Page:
• WARNING: Tube/Valve amplifiers use potentially LETHAL HIGH VOLTAGES.
    Building, troubleshooting and testing of these amplifiers should only be
    performed by someone who is thoroughly familiar with
    the safety precautions around high voltages.

FREDs on PSU

I was experimenting with fast recovery diodes on my 6080 parafeed's PSU (240-0-240 secondary).

I am using a Motorola diode with 600V Vrrm and current capacity of 1A. Everything works find, it seems to sound better than a standard diode. But there are times when I switch off my standby (it disconnects the center tap of the HT from ground) while the main switch is on, one of the Motorola fast recovery diodes goes pop!

I was talking to a friend who is a switching mode power supply expert and he told me that the frying of my diodes is due to back EMF of the transformer.

He also told me not to use fast recovery diodes because they are noisy. How true is this?

Thanks.
 
I used HEXFREDs for both the high voltage and heater supplies in my 300B amp. It's running for a year now and there's no problem at all. For the HV supply I used IR HFA06PB120 (1200V 6A) with 22nF snubber caps. I did not measure the difference the HEXFREDs made for the HV supply but for the heater supply this was the result:

[IMGDEAD]http://gboers.xs4all.nl/daisy/home/332/version/default/part/ImageData/data/CRCfilterDifHEX.png[/IMGDEAD]

What you see is the spectrum of a CRC filtered heater supply. The red line is for a simple 25A bridge rectifier, the blue line is for the HEXFREDs. In this case the HEXFREDs have the least harmonics.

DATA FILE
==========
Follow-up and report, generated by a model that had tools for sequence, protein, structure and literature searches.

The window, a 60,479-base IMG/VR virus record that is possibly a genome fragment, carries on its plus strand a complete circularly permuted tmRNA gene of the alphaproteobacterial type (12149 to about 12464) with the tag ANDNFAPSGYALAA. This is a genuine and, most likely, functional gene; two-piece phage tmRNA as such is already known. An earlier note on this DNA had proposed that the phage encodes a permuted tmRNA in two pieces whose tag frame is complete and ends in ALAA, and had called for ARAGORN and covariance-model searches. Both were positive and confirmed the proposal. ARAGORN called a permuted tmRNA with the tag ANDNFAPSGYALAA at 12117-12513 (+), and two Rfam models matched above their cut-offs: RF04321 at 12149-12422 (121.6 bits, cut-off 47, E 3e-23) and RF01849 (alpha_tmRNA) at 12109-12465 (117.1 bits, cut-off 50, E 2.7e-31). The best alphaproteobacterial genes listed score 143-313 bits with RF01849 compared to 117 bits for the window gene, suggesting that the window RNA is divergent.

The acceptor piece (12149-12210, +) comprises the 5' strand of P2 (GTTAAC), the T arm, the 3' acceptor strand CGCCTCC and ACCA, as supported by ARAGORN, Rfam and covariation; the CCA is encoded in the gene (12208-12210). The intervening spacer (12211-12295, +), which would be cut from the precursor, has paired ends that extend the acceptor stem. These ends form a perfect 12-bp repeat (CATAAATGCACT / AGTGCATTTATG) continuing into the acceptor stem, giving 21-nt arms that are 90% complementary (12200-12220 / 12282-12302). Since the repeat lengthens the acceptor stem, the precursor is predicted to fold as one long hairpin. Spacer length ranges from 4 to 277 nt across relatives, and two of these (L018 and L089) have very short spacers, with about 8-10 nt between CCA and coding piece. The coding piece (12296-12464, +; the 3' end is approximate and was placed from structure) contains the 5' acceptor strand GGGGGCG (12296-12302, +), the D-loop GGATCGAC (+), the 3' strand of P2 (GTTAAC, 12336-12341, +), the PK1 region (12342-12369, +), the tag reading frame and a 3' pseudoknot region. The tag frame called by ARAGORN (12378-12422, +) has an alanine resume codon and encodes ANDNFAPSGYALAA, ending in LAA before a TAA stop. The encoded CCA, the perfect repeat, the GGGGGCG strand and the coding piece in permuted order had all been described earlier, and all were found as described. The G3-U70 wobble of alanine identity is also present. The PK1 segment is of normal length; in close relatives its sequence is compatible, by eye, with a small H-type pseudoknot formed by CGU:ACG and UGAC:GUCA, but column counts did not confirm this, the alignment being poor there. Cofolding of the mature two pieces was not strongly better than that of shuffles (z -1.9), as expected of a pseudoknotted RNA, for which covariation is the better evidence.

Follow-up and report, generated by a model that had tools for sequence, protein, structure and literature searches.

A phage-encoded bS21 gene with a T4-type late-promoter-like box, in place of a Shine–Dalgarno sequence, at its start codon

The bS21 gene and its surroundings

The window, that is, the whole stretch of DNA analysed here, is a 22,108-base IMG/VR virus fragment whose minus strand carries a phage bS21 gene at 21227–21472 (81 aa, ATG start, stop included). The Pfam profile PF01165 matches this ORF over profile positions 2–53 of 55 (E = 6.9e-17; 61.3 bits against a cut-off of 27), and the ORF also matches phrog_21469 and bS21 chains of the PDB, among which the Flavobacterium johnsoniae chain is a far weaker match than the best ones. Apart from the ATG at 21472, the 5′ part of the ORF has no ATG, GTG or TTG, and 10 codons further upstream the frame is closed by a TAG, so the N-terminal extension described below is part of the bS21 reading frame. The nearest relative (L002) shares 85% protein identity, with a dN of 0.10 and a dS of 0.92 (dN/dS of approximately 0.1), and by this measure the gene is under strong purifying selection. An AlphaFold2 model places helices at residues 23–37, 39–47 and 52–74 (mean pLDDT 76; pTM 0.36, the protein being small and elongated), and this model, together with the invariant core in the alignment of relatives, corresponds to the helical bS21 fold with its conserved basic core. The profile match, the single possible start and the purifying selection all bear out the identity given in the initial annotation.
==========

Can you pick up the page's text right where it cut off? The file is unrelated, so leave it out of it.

Hi Alex

Maybe it is unrelated, but I will cite it anyway.

From your post I understand that you are using full wave rectification, that is, two diodes in series with each 240VAC tap, CT grounded!? If so, according to MJ, the Vrrm should be 2*square2 ~ 2.8x the Vrms: 2.8 x 240 > 600. So 600V is underrated.

And now another question, out of curiosity. Is this the power supply of the amp you recently posted in the photo gallery? Are you using a capacitor or choke input? A capacitor input would yield about the maximum plate voltage for the 6080, that is fine, but some people here prefer this valves run 'low and hot': lower plate voltages (~100VDC) and higher currents (~100mA). Have you tried that to? (I suspect it would be hard, as the chokes may not be up to the task of passing 100mA without saturating). I am not recommending anything as I have not built a 6080 amp myself, just curious as to your experience with this valve.

Hope this helps, Erik
 
was experimenting with fast recovery diodes on my 6080 parafeed's PSU (240-0-240 secondary).

your diode should be at least 1.2kv piv, series connect those diodes for safety....use an equalising resistor of 1meg across diodes....

or you can just use one half of the transformer and use a full wave bridge rectifier using 4 of those 600piv diodes....

with today's setting and availability of rectifier devices, i see no reason to use the FWCT circuit unless you have the transformers on hand....